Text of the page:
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Power on Reset

Discussion in 'Electronic Design' started by Benjamin David Lunt, Oct 25, 2012.

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  1. Hi guys,

    I am new to electronic design and have been building a few
    small devices. I am currently studying the TUSB2046B 4-port
    hub controller.

    One of the pins is the RESET pin and from what I have read,
    this pin needs to be held high, as soon as power is asserted,
    for 100uS to 1ms, then held low, maybe using a Schmitt Trigger.

    However, I haven't been able to find any documentation on how
    one would go about making this POR circuit.

    Would someone here please point me to a schematic or circuit
    diagram of a POR circuit that would be used for the TUSB2046B?

    Is there a chip or device, maybe a TO-92 case device that already
    exists to do this?

    Anyway, any help would be appreciated.

    Thank you,

    Forever Young Software
    To reply by email, please remove the zzzzzz's

    Batteries not included, some assembly required.
  2. John,

    Thank you for the response. This help greatly.

    May I verify that I got it correctly? I believe that if
    I use an MAX809, giving 5v0 at Vcc, Grounding the GND pin,
    and sending the RESET pin to the RESET pin of the TUSB2046B
    chip, also putting a 100k resistor on this RESET between
    the MAX809 and TUSB2046B to hold reset low due to any
    leakage that may take place, as with Figure 2, Page 6, at

    On the "Selector Guide" Table on page 5 of that same document,
    do I want a low reset threshold, MAX809Z, or a high threshold,

    Thanks again for your help,

    Forever Young Software
    To reply by email, please remove the zzzzzz's

    Batteries not included, some assembly required.
  3. And the problem with a resistor and a capacitor is....?

    Many thanks,

    Don Lancaster voice phone: (928)428-4073
    Synergetics 3860 West First Street Box 809 Thatcher, AZ 85552
    rss: email:

    Please visit my GURU's LAIR web site at
  4. Guest

    it will work most of the time, but some ICs are picky about slow
    rising reset

  5. rickman

    rickman Guest

    Really? You need to ask this? What there is a power glitch and the
    power supply voltage dips below proper values, but not to ground? An RC
    circuit will typically hold up and let the device be corrupted. This is
    why many customer service folks tell you to unplug a device for a number
    of seconds, to let crappy reset circuit completely discharge.

    A proper reset chip is a good thing to use in any product that has to
    work reliably.

  6. Got it, thank you. I appreciate your help, I have learned a bit
    about Power-on Reset circuits today, thank you.


    Forever Young Software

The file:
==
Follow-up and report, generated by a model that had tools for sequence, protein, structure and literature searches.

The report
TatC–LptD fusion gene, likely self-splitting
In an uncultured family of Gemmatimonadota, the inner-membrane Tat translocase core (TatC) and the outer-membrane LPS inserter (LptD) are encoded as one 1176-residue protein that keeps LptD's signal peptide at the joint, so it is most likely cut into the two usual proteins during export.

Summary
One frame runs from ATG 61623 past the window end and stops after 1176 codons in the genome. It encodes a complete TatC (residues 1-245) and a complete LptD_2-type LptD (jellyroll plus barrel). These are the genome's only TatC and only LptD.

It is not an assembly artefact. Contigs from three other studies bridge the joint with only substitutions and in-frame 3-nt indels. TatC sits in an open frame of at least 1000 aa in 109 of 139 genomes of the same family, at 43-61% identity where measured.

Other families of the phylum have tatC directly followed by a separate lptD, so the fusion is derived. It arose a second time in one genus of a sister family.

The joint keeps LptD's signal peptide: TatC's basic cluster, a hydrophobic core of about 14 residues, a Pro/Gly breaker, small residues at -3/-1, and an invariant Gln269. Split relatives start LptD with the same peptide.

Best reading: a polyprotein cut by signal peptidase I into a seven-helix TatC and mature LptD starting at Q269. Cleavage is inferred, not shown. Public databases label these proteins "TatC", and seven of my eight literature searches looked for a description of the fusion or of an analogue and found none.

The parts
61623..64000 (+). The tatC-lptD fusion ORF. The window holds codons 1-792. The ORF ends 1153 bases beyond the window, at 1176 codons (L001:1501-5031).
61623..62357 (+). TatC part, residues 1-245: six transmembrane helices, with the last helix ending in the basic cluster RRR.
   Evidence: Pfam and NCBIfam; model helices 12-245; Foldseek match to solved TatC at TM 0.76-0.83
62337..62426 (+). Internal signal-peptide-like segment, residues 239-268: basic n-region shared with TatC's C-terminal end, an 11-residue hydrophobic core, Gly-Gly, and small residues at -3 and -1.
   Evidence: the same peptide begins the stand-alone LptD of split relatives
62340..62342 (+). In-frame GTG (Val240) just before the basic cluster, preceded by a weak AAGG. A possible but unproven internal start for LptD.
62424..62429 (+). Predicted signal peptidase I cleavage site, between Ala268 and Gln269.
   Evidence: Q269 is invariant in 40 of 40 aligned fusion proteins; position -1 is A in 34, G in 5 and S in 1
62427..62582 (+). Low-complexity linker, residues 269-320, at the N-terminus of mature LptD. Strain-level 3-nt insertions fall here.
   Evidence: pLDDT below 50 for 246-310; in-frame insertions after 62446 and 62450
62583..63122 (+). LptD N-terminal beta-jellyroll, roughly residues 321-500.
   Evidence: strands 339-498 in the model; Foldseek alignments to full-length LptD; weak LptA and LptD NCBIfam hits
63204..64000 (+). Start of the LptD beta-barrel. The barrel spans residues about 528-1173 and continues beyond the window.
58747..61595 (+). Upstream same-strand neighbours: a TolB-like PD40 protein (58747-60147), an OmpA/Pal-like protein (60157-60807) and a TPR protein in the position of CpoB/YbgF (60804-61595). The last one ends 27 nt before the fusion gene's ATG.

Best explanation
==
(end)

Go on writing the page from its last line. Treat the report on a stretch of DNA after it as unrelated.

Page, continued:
To reply by email, please remove the zzzzzz's

    Batteries not included, some assembly required.
  7. garyr

    garyr Guest

    How about a TPS77833 regulator, it has a POR output.
  8. Jamie

    Jamie Guest

    +-----------+-o/ o+--------+----------+
    | | .-.
    | | | | 5k
    | | | |
    + .1u --- '-'
    --- 3.3V --- +----------+ RESET PIN
    - + |
    | | ||-+
    | | ||<- 2N7000
    === +------+||-+
    GND .-. +
    | | |
    470 | | |
    '-' |
    | |
    GND ===
    (created by AACircuit v1.28.6 beta 04/19/05

    That works most of the time ;)

    Selection of a mosfet with lower Vgs(th) would be nicer.

  9. Jamie

    Jamie Guest

    Only if the chip does not have a hysteresis input. Most do.

    You simply need to calculate the raise time to make sure the hysteresis
    window falls with in the spec's of the reset time.

    But, it never hurts to add a little speed I guess and set a time gap
    externally with a square pulse.

  10. miso

    miso Guest

    Products that don't POR cleanly are a total pain in the ass. However,
    POR is a common place to skimp.

    POR is really a big deal if you have some part of the circuit that can
    draw significant power without control circuitry functioning. A SMPS is
    a prime example, where you could be "charging" the inductor while
    powering up. This alone is one reason why SMPS controller chips are far
    better to put in a product than those roll your own power supplies,
    which usually skimp or POR and/or UVL.
  11. miso

    miso Guest

    It is possible that the power supply can itself can be rising slowly, or
    even dropping as parts of the system turns on and load the supply.
    Typically chips under evaluation (pre-production) have to handle any
    voltage from 0 to abs max without exhibiting unusual behavior.

    I've gone as far in designs to include POR, UVL, and a watch dog timer
    should the product be clocked by one-shots. Pre-production evaluation
    should include shorting any two pins together, to ground, or to the
    supply voltage, without causing the chip to go haywire. This is to avoid
    the situation where the tech or design engineer poking around with a
    scope probe.
  12. Well, because it only works "most" of the time, which is a bit like
    having a spouse who is "mostly" faithful.

    Das ist absolutely verboten for any application where decent
    reliability is required, and, sadly, a typical newbie mistake.

    The only application where I'd consider it is a battery-powered type
    where the user will see it not working and will cycle power if it
    doesn't start up right, and a bad startup won't kill something like
    non-volatile memory.

    I'm retrofitting this onto an $8K-per-unit product that will
    occasionally start up with an output enabled that does some very, very
    bad things. Typical sort of setup, a microcontroller controlling stuff
    via a bunch of HC latches- the latch states are more-or-less random
    after power has been off long enough, and the micro is counted on to
    reset them during initialization- so on a less-than-clean startup